Impact of ‘Fit for 55’ on maritime transport costs

The National Institute for Economic Research has given VTI the assignment of estimating the impact of Fit for 55 (the EU’s climate policy package) on shipping. The project includes Senior Analyst Inge Vierth, Researcher Axel Merkel, Analyst Joar Lind and research assistants Karin Ek and Emma From.

The vast ‘Fit for 55’ package of proposals for climate legislation – both new and revised – is unique in its scope. The name refers to the EU’s climate target of reducing emissions by 55% by 2030. Policy instruments include extending emissions trading to shipping, while removing tax exemptions for marine fuel, introducing reduction obligations and expanding infrastructure. If the proposed policy instruments are introduced, they will increase maritime transport costs and provide incentives for shipowners and other stakeholders to adapt in various ways.

The vast ‘Fit for 55’ package of proposals for climate legislation – both new and revised – is unique in its scope. Photo: Gudellaphoto/

“Our assignment is to analyse how shipowners and, by extension, freight buyers are affected by the proposed climate-related policy instruments,” says Inge Vierth.
Maritime transport is lagging behind the other modes of transport in the implementation of such policy instruments. The purpose of the assignment is to estimate how maritime transport costs to and from Swedish ports will be affected by the proposed EU policy instruments. It also includes a description of how different segments are affected. The assignment is limited to freight transport; pure passenger and cruise ships are not included in the study.

Fit for 55 includes four principal policy instruments affecting maritime transport costs: i) The extension of the EU Emissions Trading System (ETS) to maritime transport, phased in between 2023 and 2026. ii) The amended Energy Taxation Directive, which will end the tax exemption for maritime fuel as of 2023. iii) The reduction obligation in the ‘FuelEU Maritime’ proposal, which implements a greenhouse-gas intensity standard for marine fuel, progressively stricter until 2050. iv) The requirements for infrastructure provision for alternative fuel/electricity bunkering. Quantitative analyses are carried out for the first two policy instruments and qualitative analyses for the latter two.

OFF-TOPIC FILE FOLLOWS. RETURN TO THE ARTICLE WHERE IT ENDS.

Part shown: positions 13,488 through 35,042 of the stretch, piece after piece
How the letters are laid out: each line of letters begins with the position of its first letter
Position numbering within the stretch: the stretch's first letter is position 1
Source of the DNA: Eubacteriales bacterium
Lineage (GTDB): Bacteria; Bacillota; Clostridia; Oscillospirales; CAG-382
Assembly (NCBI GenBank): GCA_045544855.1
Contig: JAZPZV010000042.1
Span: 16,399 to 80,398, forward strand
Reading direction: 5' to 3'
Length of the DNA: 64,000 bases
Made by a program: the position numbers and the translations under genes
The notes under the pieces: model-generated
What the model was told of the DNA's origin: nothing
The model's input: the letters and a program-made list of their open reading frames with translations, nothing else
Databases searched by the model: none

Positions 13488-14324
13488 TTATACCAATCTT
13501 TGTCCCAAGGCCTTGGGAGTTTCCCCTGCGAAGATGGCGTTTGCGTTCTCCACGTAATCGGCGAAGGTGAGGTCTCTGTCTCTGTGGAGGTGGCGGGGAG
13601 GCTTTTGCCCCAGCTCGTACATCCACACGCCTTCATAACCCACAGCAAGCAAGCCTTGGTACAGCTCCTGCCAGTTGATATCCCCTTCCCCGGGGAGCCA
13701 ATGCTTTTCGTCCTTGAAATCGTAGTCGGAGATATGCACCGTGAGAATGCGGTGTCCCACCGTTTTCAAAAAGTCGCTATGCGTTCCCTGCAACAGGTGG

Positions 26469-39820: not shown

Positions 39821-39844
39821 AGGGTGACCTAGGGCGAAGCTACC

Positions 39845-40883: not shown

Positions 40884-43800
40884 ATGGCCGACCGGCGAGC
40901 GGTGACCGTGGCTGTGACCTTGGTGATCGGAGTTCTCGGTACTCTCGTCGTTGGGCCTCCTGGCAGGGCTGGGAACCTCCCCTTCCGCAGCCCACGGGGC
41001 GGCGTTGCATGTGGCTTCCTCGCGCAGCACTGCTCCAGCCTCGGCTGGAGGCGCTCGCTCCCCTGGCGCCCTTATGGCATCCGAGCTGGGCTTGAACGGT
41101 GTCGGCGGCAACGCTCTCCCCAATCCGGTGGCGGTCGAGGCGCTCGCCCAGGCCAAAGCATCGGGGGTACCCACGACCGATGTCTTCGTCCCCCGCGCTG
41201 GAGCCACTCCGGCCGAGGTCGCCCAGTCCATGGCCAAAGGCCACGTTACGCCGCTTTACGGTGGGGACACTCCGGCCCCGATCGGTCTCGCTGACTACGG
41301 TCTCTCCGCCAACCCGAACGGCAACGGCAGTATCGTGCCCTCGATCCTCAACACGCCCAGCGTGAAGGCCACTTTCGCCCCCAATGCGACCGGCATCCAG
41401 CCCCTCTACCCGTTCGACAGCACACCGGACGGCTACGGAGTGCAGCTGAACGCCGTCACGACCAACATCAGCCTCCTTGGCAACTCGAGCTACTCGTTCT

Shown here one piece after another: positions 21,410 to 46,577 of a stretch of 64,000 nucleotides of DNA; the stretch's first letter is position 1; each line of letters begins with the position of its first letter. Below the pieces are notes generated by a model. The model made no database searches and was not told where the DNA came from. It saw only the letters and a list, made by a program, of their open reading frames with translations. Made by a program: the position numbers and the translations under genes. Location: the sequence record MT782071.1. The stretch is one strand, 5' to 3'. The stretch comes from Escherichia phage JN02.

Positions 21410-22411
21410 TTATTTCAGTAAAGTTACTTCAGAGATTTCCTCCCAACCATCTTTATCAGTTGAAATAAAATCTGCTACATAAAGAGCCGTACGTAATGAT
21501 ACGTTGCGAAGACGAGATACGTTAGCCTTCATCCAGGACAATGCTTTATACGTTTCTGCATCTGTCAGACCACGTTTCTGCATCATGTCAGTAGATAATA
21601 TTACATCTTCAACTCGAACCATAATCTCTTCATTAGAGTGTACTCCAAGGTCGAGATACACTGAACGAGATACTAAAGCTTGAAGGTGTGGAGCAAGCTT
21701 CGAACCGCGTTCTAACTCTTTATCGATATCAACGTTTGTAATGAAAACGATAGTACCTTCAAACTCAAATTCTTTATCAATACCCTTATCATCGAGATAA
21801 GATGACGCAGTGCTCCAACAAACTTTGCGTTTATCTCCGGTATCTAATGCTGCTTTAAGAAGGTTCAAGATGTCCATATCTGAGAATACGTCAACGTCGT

To estimate the effects of the expansion of the EU ETS to include shipping and the updated Energy Taxation Directive, traffic data are used for all commercial traffic to and from Swedish ports in a base year. The cost changes are estimated at ship level by combining data from three sources: data describing the movements of ships, data from a ship database and fuel consumption and CO2 emissions data from the EU MRV reporting system. The vessel-specific results are aggregated for different commodity groups, domestic or international traffic and for different vessel types.

In a next step, adjustments to the higher maritime transport costs are simulated in the Transport Administration’s Samgods model. Transport demand is assumed constant and the adjustments which can be made in the model include better use of vessel carrying capacity, switching to a different vessel type/size, switching ports and switching to other transport chains and modes.

“Naturally, every shipowner wants to keep costs down. An example of what we will analyse is the advantage yielded by switching to vessels of less than 5,000 gross tonnes, which under the current proposal will not be included in the EU ETS, or to larger vessels with lower costs per tonne-kilometre,” says Inge Vierth.

The report shall be submitted to the National Institute for Economic Research by 1 December 2022.

“It is very interesting and crucial to have knowledge regarding such a central issue of climate policy at EU level. It is important that Sweden is proactive and contributes impact assessments to discussions regarding policy instrument design,” concludes Inge Vierth.

Text: Tiina Mauritzell/VTI
Translated by: CBG Konsult & Information AB


Inge Vierth
VTI, Swedish National Road and Transport Research Institute

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